Top Humours Quotes

Browse top 12 famous quotes and sayings about Humours by most favorite authors.

Favorite Humours Quotes

1. "What such people miscall their religion, is a vent for their bad humours and arrogance."
Author: Charles Dickens
2. "A poor man is not disposed to quick and high resentment when he is among the rich: he is apt to yield to others, for he knows others are above him: he is not stiff and self-willed; he is patient with hard fare; he expects no other than to be despised, and takes it patiently; he does not take it heinously that he overlooked and but little regarded; he is prepared to be in a lowly place; he readily honours his superiors; he takes reproofs quietly; he readily honours others as above him; he easily yields to be taught, and does not claim much to his understanding and judgment; he is not over nice or humoursome, and has his spirit subdued to hard things; he is not assuming, nor apt to take much upon him, but it is natural for him to be subject to others. Thus it is with the humble Christian."
Author: Jonathan Edwards
3. "I wish either my father or my mother, or indeed both of them, as they were in duty both equally bound to it, had minded what they were about when they begot me; had they duly considered how much depended upon what they were then doing; that not only the production of a rational Being was concerned in it, but that possibly the happy formation and temperature of his body, perhaps his genius and the very cast of his mind;?and, for aught they knew to the contrary, even the fortunes of his whole house might take their turn from the humours and dispositions which were then uppermost: Had they duly weighed and considered all this, and proceeded accordingly, I am verily persuaded I should have made a quite different figure in the world, from that, in which the reader is likely to see me."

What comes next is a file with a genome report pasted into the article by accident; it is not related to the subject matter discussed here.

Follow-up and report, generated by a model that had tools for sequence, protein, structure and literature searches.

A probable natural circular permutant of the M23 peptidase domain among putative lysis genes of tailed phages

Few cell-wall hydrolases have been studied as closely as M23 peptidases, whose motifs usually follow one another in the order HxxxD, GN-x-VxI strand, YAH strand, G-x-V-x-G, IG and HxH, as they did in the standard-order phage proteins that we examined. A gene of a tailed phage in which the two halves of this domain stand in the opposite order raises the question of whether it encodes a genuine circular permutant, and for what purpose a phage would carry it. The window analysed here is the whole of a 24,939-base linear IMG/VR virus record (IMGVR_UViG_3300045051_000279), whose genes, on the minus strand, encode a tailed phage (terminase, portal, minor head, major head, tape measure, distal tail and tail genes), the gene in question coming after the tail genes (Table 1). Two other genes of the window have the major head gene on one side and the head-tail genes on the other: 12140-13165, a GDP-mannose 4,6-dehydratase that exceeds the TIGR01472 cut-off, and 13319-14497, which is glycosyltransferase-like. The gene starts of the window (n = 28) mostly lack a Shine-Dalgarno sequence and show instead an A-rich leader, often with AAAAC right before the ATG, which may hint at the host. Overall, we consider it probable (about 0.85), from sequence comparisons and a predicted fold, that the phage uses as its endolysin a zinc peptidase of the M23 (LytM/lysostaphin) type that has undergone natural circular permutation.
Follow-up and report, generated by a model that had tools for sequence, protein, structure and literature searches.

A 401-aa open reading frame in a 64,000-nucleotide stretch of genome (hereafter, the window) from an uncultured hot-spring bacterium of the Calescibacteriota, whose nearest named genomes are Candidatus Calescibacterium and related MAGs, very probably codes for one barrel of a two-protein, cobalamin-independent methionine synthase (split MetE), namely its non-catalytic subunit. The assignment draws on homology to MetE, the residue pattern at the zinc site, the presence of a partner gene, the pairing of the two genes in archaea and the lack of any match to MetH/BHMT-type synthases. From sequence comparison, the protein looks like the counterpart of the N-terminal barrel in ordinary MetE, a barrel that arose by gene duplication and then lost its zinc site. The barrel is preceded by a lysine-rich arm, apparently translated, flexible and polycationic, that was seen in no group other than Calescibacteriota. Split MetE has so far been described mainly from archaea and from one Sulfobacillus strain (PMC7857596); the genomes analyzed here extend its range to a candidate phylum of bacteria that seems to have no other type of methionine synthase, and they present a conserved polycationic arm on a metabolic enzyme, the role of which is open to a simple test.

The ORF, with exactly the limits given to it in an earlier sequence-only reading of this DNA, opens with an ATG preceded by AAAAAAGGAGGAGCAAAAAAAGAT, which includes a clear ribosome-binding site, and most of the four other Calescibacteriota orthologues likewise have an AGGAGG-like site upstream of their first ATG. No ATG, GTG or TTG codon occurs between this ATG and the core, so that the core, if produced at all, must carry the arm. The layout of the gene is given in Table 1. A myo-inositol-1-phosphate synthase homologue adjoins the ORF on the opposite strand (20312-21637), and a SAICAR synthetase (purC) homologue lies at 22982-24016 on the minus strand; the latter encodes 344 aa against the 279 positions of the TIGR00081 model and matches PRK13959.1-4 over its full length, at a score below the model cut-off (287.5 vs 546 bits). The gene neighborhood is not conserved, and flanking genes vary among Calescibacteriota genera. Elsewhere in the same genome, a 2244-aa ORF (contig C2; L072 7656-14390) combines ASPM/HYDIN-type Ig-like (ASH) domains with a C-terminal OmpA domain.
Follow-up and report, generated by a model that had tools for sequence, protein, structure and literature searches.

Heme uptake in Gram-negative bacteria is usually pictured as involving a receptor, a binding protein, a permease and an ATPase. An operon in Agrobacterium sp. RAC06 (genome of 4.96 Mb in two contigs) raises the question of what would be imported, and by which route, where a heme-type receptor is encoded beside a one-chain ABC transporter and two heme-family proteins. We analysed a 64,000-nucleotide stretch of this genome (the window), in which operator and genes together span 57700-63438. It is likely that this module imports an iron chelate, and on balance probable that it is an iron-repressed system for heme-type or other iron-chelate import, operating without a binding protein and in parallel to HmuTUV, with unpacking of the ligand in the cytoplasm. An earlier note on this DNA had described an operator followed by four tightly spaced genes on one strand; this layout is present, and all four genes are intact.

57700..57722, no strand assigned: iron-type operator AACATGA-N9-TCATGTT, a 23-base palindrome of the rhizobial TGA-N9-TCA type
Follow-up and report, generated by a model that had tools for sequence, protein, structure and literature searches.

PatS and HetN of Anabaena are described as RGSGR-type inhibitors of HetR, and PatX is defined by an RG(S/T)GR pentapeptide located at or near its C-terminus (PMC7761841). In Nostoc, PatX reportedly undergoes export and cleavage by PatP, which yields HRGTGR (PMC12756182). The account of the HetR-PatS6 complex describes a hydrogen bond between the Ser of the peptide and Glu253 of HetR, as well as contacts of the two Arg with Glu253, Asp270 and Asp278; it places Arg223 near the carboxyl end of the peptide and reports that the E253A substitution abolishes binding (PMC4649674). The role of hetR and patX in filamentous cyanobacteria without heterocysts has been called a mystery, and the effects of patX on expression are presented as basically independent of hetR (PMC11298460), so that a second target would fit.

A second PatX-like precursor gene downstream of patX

Author: Laurence Sterne
4. "There he was. The infant Titus. His eyes were open but he was quite still. The puckered-up face of the newly-born child, old as the world, wise as the roots of trees. Sin was there and goodness, love, pity and horror, and even beauty for his eyes were pure violet. Earth's passions, earth's griefs, earth's incongruous, ridiculous humours - dormant, yet visible in the wry pippin of a face."
Author: Mervyn Peake
5. "I have no other passion to keep me in breath. What avarice, ambition, quarrels, law suits do for others who, like me, have no particular vocation, love would much more commodiously do; it would restore to me vigilance, sobriety, grace, and the care of my person; it would reassure my countenance, so that the grimaces of old age, those deformed and dismal looks, might not come to disgrace it; would again put me upon sound and wise studies, by which I might render myself more loved and esteemed, clearing my mind of the despair of itself and of its use, and redintegrating it to itself; would divert me from a thousand troublesome thoughts, a thousand melancholic humours that idleness and the ill posture of our health loads us withal at such an age; would warm again, in dreams at least, the blood that nature is abandoning; would hold up the chin, and a little stretch out the nerves, the vigour and gaiety of life of that poor man who is going full drive towards his ruin."